Next trainers, riders, spectators, and officials are now confronted with examining the word, excessive. To reiterate, this is where the subjectivity of judging enters and judges will diverge on what is excessive in a person’s viewpoint. Nonetheless, a judge should differentiate between an athletic performance and a precarious performance.
Diane Carney, a notable licensed official in the industry, says, “ In our sport today an athletic hunter is appreciated, a horse with expression is appreciated, a good pace without tension in rhythm is appreciated. That is ideal. The brain and the body of the horse, along with the balance of the rider in sync galloping relaxed and really jumping beautiful jumps is a great performance.” Ms. Carney goes on to add, “That is horse training, not just horse showing.”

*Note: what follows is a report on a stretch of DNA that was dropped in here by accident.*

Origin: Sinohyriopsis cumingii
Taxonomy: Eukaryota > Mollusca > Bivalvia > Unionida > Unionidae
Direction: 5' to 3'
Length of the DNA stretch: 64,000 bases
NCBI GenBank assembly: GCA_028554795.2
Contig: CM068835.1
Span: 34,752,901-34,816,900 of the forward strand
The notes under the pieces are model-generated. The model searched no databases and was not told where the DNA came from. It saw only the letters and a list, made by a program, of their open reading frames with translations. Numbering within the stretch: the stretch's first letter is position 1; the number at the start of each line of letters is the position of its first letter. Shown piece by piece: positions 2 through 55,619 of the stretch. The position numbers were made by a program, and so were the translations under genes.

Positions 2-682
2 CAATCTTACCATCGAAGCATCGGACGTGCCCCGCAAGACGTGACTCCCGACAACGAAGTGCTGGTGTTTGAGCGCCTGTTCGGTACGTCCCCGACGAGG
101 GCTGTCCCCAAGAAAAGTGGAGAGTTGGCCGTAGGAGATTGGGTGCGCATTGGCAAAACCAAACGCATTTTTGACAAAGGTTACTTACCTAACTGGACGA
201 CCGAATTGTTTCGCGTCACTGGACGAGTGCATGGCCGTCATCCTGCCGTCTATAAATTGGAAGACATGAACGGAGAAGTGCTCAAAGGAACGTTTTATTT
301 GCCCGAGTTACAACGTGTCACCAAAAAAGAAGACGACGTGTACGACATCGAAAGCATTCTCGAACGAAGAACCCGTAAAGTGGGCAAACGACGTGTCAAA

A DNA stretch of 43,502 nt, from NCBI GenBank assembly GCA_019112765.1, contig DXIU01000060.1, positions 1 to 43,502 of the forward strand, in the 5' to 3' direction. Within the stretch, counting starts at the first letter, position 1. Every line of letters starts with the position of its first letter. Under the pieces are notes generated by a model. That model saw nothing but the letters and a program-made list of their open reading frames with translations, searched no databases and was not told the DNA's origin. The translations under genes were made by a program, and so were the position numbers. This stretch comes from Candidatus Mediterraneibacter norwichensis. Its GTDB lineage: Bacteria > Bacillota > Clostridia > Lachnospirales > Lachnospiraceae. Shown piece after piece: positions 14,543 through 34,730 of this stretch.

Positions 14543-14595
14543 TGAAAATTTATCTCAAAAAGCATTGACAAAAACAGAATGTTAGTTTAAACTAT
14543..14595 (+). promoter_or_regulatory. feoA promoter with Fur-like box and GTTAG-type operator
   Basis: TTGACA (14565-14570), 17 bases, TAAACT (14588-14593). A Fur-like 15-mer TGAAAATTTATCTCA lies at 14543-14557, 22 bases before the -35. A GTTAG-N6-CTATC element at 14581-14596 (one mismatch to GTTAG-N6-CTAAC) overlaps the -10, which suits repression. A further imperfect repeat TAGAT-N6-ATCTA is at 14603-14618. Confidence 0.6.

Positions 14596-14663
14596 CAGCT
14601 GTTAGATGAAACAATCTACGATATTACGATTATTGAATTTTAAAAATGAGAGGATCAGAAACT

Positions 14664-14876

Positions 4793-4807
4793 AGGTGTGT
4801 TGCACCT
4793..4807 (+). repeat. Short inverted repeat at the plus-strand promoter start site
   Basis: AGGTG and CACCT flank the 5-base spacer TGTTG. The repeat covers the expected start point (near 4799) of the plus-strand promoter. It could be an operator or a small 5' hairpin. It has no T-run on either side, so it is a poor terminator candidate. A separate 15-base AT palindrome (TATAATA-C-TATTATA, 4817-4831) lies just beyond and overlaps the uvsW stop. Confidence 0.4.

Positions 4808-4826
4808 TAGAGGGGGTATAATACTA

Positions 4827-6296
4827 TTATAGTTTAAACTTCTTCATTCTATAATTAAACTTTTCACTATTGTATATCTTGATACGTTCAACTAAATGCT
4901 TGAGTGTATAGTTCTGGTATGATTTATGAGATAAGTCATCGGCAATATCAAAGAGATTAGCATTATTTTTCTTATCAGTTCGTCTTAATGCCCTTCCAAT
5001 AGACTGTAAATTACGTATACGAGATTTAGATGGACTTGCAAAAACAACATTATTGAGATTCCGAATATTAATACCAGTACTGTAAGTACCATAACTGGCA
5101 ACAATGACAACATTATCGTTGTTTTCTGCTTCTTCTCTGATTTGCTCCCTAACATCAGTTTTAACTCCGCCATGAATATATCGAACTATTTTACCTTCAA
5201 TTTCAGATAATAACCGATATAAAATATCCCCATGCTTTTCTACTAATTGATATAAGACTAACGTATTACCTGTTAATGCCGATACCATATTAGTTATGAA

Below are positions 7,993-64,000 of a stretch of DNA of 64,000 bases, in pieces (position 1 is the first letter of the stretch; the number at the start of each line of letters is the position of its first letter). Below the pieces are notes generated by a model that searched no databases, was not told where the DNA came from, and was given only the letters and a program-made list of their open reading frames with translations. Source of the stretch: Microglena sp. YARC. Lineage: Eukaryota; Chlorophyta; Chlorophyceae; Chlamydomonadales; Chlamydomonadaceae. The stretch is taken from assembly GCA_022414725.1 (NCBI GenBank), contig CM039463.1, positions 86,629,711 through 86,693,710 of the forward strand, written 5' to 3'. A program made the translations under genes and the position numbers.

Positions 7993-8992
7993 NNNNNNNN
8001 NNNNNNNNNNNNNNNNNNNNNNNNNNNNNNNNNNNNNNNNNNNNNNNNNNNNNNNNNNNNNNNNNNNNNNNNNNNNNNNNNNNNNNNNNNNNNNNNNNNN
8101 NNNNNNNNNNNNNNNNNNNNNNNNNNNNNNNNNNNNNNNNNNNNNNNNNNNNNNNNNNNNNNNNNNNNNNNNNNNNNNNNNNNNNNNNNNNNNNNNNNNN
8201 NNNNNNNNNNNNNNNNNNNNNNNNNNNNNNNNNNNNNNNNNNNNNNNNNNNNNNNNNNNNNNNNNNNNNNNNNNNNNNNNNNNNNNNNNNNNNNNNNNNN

An important point to consider for sure.
By Kay Beard, ‘r’ Licensed Official
Many equitation competitors have raised the question, which seat should I ride in while on course in an equitation class? There are four types of seats used in the American Forward Style of Riding, those include the full seat, light seat, half seat and driving seat. Each of these seated positions in the saddle has a time and a place for its use. Confusion has arisen regarding which seat should be used on course in an equation class.
To adequately answer this question, a rider and their trainer must know their horse and the particular challenges that are presented on the assigned course. In order for the rider to execute the equitation course successfully, a variation of the four seats in the forward riding system may be required for any given horse. While it may be most appealing to the judge to be in a light seat, if you have a horse that you know to be spooky at certain types of jumps, a driving seat may be required to get the job done. Equitation is not only a harmonious ride and seamless aids, it is also a matter of being an effective rider.